Since 2013, OERs have saved Ivy Tech students thousands of dollars and provided relevant, high quality curriculum for classes. According to Ivy Tech policy, Ivy Tech’s curriculum committees may identify only 5 commercial textbook titles per course. In 2015, the college took the stance that OER did not count toward the 5 titles and could be added as additional titles. This allowed for Ivy Tech approved OERs to be added to the booklist and made more available for faculty use. More OERs are being developed each semester. They may be found on the Lumen Learning's webpage for Ivy Tech OERs
Within this guide you will find:
Open educational resources (OER) are teaching, learning, and research resources that reside in the public domain or have been released under a copyright license that permits anyone to freely use and repurpose them. Open educational resources include full courses, course materials, modules, textbooks, streaming videos, tests, journal articles, and any other tools or materials used to support learning. (Lumen Learning)
Open Educational Resources are teaching, learning, and research resources that reside in the public domain or have been released under an intellectual property license that permits their free use and repurposing by others. OER include full courses, course materials, modules, textbooks, streaming videos, tests, software, and any other tools, materials, or techniques used to support access to knowledge. (The William and Flora Hewlett Foundation)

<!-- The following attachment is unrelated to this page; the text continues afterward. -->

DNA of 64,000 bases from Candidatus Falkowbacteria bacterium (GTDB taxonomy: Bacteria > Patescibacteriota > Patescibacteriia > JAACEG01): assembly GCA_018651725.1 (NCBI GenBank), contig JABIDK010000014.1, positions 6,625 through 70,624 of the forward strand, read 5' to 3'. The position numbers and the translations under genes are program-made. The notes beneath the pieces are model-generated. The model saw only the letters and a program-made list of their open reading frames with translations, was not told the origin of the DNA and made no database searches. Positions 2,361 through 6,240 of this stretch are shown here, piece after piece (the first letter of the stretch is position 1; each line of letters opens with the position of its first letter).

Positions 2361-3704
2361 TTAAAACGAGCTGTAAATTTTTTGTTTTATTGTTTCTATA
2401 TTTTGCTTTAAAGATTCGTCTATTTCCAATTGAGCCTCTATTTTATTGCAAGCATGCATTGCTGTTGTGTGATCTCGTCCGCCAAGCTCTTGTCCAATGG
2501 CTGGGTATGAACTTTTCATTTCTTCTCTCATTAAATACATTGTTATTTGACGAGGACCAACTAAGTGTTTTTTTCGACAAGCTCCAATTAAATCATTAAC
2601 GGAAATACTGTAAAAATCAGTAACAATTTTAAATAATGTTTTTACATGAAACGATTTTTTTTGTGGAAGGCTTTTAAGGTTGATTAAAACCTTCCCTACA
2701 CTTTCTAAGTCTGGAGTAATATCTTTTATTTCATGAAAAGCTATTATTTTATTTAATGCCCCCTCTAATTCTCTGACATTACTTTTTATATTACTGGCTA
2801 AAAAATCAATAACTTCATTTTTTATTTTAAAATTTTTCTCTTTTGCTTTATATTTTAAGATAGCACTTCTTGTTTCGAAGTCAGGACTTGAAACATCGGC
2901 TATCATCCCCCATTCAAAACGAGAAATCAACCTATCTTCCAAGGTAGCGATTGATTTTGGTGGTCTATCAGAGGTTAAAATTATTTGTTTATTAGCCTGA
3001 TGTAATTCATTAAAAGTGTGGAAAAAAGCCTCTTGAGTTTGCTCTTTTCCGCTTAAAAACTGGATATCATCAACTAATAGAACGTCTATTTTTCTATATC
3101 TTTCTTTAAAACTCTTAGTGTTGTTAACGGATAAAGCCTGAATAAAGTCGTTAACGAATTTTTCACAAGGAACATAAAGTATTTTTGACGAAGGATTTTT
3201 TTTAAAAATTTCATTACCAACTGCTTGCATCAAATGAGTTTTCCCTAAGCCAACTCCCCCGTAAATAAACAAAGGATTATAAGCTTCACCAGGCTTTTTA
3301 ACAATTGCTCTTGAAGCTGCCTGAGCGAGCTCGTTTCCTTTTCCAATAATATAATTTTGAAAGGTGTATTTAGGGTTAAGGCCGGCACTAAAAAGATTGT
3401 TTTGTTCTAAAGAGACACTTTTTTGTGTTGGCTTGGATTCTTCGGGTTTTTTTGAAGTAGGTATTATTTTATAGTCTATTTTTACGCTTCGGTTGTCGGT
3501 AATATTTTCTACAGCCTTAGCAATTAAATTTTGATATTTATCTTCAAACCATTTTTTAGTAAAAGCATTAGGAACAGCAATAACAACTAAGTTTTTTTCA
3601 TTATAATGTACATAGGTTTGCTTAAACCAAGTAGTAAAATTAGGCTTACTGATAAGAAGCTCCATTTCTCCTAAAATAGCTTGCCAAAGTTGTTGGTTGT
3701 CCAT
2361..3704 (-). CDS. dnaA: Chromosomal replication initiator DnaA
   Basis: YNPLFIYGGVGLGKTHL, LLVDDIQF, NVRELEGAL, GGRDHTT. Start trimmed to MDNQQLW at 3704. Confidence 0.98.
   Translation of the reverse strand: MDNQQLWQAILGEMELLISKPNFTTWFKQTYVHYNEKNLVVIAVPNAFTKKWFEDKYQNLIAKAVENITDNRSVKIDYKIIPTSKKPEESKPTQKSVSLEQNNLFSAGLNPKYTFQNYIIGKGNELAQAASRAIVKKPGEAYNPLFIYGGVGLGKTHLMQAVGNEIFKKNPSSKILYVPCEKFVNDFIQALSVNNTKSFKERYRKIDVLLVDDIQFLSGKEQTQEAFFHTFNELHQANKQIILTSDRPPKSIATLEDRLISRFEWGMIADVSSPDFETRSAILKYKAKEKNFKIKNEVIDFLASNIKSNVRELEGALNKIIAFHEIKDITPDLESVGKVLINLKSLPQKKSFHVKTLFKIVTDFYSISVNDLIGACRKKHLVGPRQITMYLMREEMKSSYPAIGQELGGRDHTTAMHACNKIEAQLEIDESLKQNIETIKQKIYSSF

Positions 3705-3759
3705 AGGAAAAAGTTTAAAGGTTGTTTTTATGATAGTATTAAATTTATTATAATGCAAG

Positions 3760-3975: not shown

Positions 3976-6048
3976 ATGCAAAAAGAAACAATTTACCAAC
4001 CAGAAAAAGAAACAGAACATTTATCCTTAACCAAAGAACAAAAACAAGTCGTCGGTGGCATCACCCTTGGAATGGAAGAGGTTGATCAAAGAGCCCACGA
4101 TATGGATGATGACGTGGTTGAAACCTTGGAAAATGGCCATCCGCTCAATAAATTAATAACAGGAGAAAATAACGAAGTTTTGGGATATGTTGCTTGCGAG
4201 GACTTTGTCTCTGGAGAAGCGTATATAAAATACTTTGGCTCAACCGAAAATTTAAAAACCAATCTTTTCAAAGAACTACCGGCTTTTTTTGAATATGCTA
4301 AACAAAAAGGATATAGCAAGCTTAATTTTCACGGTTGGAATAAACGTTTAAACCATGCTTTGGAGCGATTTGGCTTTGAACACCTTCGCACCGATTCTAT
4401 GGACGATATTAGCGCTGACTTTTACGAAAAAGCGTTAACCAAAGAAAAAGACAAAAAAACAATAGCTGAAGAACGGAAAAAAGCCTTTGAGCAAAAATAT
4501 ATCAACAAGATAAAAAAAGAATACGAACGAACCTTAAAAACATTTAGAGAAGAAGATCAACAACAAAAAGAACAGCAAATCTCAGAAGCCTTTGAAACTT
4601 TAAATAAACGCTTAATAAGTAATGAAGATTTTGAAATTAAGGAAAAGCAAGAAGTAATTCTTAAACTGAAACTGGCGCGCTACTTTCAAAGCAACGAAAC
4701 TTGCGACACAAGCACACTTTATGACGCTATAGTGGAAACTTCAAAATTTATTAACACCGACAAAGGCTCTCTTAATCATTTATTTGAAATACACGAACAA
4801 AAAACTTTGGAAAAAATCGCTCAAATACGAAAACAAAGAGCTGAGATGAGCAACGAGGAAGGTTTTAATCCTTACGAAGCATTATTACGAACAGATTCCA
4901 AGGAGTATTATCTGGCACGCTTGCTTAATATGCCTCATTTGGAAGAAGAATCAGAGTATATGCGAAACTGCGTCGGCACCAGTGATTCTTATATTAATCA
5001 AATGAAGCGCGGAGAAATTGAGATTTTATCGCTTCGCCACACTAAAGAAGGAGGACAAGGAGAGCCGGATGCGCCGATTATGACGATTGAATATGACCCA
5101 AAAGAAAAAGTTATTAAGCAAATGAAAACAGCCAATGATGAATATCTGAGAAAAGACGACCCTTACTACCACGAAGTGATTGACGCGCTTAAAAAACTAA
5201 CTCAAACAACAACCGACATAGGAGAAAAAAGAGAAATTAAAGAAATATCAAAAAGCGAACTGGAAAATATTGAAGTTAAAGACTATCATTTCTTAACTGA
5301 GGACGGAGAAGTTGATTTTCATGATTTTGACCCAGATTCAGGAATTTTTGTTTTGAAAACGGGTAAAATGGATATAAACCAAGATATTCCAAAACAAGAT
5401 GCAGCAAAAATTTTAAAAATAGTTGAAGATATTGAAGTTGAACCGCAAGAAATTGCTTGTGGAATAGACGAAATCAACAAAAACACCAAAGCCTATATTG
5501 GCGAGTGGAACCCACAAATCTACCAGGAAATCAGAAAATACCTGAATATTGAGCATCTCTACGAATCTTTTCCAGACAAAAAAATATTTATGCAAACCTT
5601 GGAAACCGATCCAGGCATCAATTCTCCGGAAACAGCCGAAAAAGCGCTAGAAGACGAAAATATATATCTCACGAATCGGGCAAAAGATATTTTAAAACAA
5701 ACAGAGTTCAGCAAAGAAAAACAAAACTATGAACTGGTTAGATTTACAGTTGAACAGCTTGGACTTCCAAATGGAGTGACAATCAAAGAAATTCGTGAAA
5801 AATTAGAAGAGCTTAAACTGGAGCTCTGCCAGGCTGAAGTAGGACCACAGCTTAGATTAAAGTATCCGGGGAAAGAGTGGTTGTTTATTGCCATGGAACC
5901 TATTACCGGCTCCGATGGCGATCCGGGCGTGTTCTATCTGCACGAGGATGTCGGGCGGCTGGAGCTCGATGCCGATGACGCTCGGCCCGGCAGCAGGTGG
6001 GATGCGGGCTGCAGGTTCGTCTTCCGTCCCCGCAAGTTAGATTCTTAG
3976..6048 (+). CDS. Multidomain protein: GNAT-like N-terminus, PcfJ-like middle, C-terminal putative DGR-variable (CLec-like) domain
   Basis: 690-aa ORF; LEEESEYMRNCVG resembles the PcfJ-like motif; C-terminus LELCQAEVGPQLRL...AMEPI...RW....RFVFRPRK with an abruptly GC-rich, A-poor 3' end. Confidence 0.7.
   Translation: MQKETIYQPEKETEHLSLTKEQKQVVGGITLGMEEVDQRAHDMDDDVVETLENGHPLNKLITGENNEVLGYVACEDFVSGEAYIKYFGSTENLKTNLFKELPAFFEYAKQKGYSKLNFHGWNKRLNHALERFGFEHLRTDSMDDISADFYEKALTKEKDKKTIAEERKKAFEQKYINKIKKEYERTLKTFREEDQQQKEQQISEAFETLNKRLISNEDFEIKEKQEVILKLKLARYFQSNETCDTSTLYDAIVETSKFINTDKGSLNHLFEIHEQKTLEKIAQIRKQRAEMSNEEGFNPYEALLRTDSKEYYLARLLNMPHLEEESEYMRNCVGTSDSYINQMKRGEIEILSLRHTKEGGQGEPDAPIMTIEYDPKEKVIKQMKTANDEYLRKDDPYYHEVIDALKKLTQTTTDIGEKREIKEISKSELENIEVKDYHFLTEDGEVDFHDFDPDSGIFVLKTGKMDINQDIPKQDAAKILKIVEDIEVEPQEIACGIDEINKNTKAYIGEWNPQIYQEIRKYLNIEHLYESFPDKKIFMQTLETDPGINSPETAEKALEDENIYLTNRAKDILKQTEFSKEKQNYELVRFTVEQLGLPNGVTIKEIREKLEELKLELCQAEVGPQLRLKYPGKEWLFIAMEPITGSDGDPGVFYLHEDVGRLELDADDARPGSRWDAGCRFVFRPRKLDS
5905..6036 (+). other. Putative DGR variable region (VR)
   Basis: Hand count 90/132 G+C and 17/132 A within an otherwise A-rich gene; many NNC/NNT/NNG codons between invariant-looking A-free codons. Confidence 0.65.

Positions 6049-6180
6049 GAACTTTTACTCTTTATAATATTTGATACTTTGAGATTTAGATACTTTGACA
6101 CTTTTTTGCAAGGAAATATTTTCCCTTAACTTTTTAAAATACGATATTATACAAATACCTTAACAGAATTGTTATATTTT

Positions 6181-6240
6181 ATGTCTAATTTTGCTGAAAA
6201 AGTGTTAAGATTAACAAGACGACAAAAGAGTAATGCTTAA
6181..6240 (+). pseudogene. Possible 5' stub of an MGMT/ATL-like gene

"Open Educational Resources (OERs) are any type of educational materials that are in the public domain or introduced with an open license. The nature of these open materials means that anyone can legally and freely copy, use, adapt and re-share them. OERs range from textbooks to curricula, syllabi, lecture notes, assignments, tests, projects, audio, video and animation." (UNESCO).
"Open Educational Resources are teaching and learning materials that you may freely use and reuse, without charge. OER often have a Creative Commons or GNU license that state specifically how the material may be used, reused, adapted, and shared." (OER Commons)